The opportunities for foreign companies in China’s solar sector are changing

As the European solar market demand continues to decrease and other countries are slow to fill the gap, China’s upstream solar sector will face an even greater oversupply situation throughout 2012-2014.  This oversupply will severely impact the opportunities available to foreign companies selling into China’s solar sector.


As in other export industries, the Chinese central and provincial governments’ primary motivation for supporting the solar pv industry over the past 5-10 years has been based on the sector’s ability to create thousands of jobs and boost GDP growth.

As many of these suppliers ability to survive is threatened by a substantial global oversupply and solar incentive reductions in Europe, China will likely continue its support for its domestic solar industry, but in a different way.  While some of the strongest suppliers will continue to receive beneficial financing in the form of loans and grants, support will mostly shift downstream.  Due to the diverse benefits of supporting the downstream domestic solar sector, from political and environmental to economic, this support will likely continue strong for the coming few years.

What specifically are these benefits?

  • Preserve domestic jobs by creating an end market for the increasing module inventory
  • Help leading manufacturers stave off bankruptcy and ride out the industry downturn
  • Sustain a leading position in global pv manufacturing
  • Add much needed power generation capacity
  • Bolster its claims to Chinese citizens that it is taking real action to curb air pollution

Regarding pollution concerns, the government’s reputation among Chinese people as placing economic development before environment is becoming an increasingly serious issue.  As the communication between citizens across the country continues to expand through websites and mobile phone applications like Weibo and Weixin, the government will be faced with either the increased expense of controlling ever more information, or the expense of taking more action to actually reduce air, water and soil pollution which is the source of the criticisms themselves.  We will most likely see a mixture of both in the coming years.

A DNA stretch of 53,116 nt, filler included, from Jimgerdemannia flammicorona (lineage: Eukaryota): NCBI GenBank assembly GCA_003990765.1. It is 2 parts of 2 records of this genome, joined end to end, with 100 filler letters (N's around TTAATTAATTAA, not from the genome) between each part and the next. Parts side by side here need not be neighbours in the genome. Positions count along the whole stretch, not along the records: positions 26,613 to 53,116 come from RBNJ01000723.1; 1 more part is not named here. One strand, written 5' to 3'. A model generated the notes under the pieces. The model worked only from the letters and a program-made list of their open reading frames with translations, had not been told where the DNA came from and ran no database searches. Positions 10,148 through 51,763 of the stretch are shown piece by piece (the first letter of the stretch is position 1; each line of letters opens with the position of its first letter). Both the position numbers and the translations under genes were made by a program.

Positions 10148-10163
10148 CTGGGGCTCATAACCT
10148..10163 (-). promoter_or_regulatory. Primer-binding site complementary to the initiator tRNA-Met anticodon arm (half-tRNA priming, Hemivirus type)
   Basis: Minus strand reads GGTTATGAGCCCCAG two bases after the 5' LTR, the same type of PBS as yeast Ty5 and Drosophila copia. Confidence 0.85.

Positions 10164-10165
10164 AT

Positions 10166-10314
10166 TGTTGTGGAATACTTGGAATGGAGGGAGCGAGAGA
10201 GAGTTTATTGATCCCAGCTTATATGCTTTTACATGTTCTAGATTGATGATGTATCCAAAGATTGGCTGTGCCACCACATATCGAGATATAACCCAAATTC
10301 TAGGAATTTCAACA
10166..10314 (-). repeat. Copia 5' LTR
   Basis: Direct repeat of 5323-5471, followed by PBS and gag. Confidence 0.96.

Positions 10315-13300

Shifting landscape

As the market in China shifts from being strictly upstream to a more balanced market with domestic downstream demand, so do the opportunities afforded by foreign companies hoping to come to China and capitalize on the industry growth.

From 2005 – 2010, the opportunities for foreign companies were primarily around providing equipment, technology and services to the poly, wafer, cell and module manufacturers who’s products were historically competing on a global field.  Now, as the domestic projects market grows and upstream players keep their capital expenditures low, an opportunity is arising to provide products and technology to these domestic projects and project developers.

Whereas before, using foreign brand equipment and technology was seen as an advantage by mono and polysilicon pv module manufacturers who needed to prove to doubtful foreign project developers of their products’ quality, when selling to domestic projects the foreign brand can be a sign of disadvantage.  Take inverters for example; if GCL were to buy inverters for a domestic project, it will have the option of buying from one of more domestic inverter suppliers including well known names like Sungrow and Guanya.  Though Guanya’s quality may not be as proven as SMA’s, they do have local reference projects,  local service teams that can be deployed quickly in the event of product failure, and they are familiar with the difficult payment terms Chinese projects offer.

Some other key differences in the Chinese market include:

  • The pricing of non high-tech products such as modules, inverters and racking systems is fiercely competitive, with pricing below that of international rates.
  • Project margins are lower in China than in countries like Spain, Germany, and Italy, who in the past have had rich FITs which allowed project developers to use premium brand modules and inverters while still earning a healthy return on investment.
  • The primary buyers of energy and energy projects in China are the 5 major state-owned power generation companies.  Having connections within them is advantageous to securing sales.